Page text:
I first tried to add this file to the CustomActivities source control folder, where the custom activities are loaded from by the build agent, but that did not work. I could only get it to work if I put both the DLL and the config files in the C:\Program Files\Microsoft team Foundation Server 1.0\Tools folder on the build agent. This is not a way I like to work, too messy having to fiddle with the build agent file system.
Once this setting was made I tried a build again and got the build process to load, but the TypemockRegister activity failed as the Typemock settings argument was not set. Strangely Typemock have chosen to pass in their parameters as a complex type (of the type TypemockSettings) as opposed to four strings. Also you would expect this argument to be passed directly into their custom activities by getting activity properties to argument values, but this is not how it is done. The Typemock activities know to look directly for an argument called Typemock. This does make adding the activities easier, but not obvious if you are not expecting it. So I added this argument to the build definition in Visual Studio 2012 and checked it in, but when I tried to set the argument value for a specific build it gave the error that the DLL containing the type Typemock.TFS2010.TypemockSettings could not be loaded, again the TFS 2010/2012 API issue, this time within Visual Studio 2012
At this point I gave up on binding redirection, I had wasted a lot more time than this post makes it sound. So I removed all the work I had previously done and thought again.
What did work
I decided that the only sensible option was to recreate the functionality of the Typemock activity against the 2012 API. So I used Telerik JustDecompile to open up the Typemock.Tfs2010.dll assembly and had a look inside. In Visual Studio 2012 I then created a new C# class library project called Typemock.BM.TFS20102 targeting .NET 4. I then basically cut and pasted the classes read from JustDecompile into classes of the same name in the new project. I then added references to the TFS 2012 API assemblies and any other assemblies needed and compiled the project. The one class I had problems with the TypemockStart, specifically the unpacking of the properties in the InternalExecute method. The reflected code by JustDecompile was full of what looked to be duplicated array copying which did not compile. So I simplified this to map the properties to the right names.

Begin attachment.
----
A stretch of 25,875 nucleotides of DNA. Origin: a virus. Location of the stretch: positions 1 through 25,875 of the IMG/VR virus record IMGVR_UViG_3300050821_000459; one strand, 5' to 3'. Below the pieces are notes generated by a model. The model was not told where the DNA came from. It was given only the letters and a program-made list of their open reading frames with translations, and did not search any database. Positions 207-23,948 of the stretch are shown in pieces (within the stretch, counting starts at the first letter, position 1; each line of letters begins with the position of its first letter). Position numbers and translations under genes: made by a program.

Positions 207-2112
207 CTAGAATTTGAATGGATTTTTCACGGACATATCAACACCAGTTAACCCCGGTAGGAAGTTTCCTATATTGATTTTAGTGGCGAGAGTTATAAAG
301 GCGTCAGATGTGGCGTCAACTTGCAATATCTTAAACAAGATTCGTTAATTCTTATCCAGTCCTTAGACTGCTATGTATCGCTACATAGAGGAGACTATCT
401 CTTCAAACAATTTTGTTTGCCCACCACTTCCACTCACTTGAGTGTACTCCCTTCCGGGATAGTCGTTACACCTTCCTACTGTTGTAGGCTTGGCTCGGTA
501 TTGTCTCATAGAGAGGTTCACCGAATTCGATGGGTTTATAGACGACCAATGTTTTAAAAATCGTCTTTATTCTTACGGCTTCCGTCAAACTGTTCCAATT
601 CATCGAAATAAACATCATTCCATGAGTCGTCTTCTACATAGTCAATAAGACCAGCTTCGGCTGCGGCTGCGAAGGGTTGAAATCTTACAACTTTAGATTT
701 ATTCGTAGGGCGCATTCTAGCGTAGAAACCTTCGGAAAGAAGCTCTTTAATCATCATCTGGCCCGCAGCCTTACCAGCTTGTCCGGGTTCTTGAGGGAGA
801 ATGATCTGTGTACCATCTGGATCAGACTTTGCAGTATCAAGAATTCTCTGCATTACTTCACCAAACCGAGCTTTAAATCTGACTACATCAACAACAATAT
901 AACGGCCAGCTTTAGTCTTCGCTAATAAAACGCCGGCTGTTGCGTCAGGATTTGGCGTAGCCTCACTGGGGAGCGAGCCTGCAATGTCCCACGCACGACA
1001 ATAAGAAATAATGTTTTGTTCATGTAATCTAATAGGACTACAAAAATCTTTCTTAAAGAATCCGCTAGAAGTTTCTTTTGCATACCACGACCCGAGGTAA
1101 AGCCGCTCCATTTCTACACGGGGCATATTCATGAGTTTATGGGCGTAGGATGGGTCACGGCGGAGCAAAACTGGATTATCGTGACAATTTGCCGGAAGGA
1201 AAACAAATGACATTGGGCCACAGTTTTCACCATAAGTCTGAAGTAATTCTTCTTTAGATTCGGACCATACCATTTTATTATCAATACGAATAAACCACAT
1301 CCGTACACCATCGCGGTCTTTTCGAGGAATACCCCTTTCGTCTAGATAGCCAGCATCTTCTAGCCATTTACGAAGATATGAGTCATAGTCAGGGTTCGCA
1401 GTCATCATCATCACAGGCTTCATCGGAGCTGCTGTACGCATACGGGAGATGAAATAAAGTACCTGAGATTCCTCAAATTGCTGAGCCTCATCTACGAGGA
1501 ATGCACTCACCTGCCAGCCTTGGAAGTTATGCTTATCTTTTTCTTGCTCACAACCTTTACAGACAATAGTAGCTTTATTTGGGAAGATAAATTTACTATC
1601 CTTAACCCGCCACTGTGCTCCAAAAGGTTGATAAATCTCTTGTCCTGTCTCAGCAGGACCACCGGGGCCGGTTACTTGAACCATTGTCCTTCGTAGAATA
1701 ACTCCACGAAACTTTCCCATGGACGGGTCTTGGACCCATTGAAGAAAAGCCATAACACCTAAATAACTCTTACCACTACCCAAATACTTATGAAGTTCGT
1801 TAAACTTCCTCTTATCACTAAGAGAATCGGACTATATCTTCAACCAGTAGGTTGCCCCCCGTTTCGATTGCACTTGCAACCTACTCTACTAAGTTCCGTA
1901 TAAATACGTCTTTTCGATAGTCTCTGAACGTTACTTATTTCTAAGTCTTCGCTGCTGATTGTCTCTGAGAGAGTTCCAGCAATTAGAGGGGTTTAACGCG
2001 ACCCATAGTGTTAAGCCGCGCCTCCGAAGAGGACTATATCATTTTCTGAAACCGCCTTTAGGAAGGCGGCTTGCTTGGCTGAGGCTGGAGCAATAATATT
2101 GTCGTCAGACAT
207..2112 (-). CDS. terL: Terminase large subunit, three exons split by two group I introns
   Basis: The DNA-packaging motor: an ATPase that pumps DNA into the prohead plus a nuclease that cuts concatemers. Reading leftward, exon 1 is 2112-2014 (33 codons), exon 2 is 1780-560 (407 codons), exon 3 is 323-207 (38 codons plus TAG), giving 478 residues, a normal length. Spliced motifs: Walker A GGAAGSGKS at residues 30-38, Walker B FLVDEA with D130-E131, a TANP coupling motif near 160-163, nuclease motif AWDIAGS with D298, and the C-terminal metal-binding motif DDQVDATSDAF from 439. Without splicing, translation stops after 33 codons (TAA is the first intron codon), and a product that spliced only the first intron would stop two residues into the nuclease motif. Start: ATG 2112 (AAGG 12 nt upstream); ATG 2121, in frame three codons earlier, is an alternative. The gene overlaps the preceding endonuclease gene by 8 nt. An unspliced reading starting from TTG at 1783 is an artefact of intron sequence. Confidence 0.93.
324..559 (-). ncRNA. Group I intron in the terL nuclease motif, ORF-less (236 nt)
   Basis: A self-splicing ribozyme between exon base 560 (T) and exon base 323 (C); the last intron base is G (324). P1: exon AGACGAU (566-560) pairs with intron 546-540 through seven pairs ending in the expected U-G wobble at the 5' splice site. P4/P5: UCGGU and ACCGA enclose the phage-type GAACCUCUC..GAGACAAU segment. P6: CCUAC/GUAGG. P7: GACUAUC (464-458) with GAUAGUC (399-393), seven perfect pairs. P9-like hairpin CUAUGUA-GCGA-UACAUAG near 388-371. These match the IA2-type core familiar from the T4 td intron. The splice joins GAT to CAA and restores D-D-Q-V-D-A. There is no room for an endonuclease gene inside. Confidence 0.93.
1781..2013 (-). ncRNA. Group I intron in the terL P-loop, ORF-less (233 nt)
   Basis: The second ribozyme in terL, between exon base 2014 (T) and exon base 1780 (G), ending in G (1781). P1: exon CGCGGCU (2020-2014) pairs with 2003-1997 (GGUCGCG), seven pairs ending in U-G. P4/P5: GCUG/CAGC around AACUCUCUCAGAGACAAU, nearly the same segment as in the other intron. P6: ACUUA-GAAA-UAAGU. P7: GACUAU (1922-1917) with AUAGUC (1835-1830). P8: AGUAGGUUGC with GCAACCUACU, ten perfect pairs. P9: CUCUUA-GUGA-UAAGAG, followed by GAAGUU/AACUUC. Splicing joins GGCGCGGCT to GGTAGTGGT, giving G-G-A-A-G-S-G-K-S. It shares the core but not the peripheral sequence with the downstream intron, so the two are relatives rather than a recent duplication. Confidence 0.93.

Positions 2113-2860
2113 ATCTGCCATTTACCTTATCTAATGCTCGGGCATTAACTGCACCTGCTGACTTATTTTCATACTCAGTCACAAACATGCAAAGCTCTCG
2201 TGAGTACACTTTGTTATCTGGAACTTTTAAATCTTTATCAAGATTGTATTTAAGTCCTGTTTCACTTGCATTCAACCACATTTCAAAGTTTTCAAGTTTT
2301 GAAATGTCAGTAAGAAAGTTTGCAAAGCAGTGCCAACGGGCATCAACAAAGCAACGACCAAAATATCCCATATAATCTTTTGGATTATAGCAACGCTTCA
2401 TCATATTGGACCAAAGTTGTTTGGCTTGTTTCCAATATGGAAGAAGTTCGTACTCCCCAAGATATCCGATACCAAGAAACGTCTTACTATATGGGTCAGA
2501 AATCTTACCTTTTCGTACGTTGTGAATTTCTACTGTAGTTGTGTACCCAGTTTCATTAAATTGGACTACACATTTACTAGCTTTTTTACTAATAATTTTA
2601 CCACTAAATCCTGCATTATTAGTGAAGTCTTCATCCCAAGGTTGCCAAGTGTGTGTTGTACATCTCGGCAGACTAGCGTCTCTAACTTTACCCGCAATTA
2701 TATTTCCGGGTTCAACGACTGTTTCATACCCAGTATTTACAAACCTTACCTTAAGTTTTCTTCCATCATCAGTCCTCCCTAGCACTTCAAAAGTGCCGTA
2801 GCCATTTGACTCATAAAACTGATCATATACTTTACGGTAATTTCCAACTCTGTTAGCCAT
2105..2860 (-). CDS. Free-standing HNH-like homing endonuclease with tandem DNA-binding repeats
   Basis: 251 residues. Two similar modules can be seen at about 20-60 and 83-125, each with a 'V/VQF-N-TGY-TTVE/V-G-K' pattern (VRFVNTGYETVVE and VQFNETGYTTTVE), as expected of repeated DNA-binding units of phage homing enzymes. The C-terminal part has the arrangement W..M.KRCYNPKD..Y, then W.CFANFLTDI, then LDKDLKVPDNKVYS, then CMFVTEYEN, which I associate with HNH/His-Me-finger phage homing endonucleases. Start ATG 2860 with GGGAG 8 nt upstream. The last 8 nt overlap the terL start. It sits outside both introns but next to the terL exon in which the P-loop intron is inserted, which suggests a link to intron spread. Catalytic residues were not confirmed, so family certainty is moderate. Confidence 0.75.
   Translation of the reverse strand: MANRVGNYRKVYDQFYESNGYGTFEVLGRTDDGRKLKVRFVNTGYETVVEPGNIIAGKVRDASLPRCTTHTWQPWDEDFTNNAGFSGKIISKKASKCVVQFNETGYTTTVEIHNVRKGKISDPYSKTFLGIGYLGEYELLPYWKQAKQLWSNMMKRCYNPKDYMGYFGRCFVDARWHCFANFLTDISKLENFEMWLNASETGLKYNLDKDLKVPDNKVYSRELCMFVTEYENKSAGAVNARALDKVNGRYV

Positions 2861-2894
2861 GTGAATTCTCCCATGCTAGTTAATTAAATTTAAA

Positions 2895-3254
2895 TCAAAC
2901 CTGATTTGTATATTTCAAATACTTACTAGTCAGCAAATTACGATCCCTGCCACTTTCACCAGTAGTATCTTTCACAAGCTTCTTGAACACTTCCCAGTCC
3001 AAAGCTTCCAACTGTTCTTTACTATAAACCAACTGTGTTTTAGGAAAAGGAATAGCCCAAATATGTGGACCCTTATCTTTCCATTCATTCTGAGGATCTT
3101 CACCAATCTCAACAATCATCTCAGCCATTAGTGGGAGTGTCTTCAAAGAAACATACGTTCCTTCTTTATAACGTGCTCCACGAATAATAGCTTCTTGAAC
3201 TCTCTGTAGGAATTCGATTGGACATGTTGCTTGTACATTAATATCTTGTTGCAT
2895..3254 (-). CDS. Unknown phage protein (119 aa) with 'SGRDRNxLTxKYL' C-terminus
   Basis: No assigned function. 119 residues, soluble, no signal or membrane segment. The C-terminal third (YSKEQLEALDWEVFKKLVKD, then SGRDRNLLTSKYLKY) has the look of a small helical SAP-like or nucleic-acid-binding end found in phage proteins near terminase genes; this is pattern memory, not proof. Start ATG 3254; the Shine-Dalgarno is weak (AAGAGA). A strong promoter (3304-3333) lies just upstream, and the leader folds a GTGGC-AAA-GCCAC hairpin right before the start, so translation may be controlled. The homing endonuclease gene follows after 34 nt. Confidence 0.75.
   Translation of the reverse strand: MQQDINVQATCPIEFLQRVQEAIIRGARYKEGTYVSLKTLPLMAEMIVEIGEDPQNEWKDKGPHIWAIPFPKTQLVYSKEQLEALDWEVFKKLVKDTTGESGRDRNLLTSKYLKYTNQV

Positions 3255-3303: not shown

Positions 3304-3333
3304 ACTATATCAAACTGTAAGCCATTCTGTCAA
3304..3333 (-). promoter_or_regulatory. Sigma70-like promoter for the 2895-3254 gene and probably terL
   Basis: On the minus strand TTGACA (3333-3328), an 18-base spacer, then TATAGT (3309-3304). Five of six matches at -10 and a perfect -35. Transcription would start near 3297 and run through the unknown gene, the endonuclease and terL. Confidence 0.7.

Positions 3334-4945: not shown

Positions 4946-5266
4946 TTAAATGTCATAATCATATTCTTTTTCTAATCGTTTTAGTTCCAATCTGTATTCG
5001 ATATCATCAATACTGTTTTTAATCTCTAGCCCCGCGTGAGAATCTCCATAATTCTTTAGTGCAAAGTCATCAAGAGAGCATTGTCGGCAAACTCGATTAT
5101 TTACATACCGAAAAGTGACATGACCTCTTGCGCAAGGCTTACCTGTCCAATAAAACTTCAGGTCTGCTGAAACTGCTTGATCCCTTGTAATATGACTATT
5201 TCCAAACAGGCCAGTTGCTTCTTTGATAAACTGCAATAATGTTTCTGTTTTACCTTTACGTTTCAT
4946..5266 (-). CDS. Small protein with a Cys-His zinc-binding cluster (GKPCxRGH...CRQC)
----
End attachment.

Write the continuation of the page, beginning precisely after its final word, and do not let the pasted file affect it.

You can download a copy of my Typemock.BM.TFS2012.Dll from here, so you don’t have to go through the process yourself.
I now had a TFS 2012 custom build activity. I took this new activity and put it the CustomActivities folder. Next I took an unedited version of the default 2012 build process template and added these new Typemockregister, TypemockStart (at the start of the test block) and TypemockStop (at the end of the test block) activities as well as a Typemock argument (of TypemockSettings type). I checked this new template into TFS, and then created a build setting the Typemock argument settings.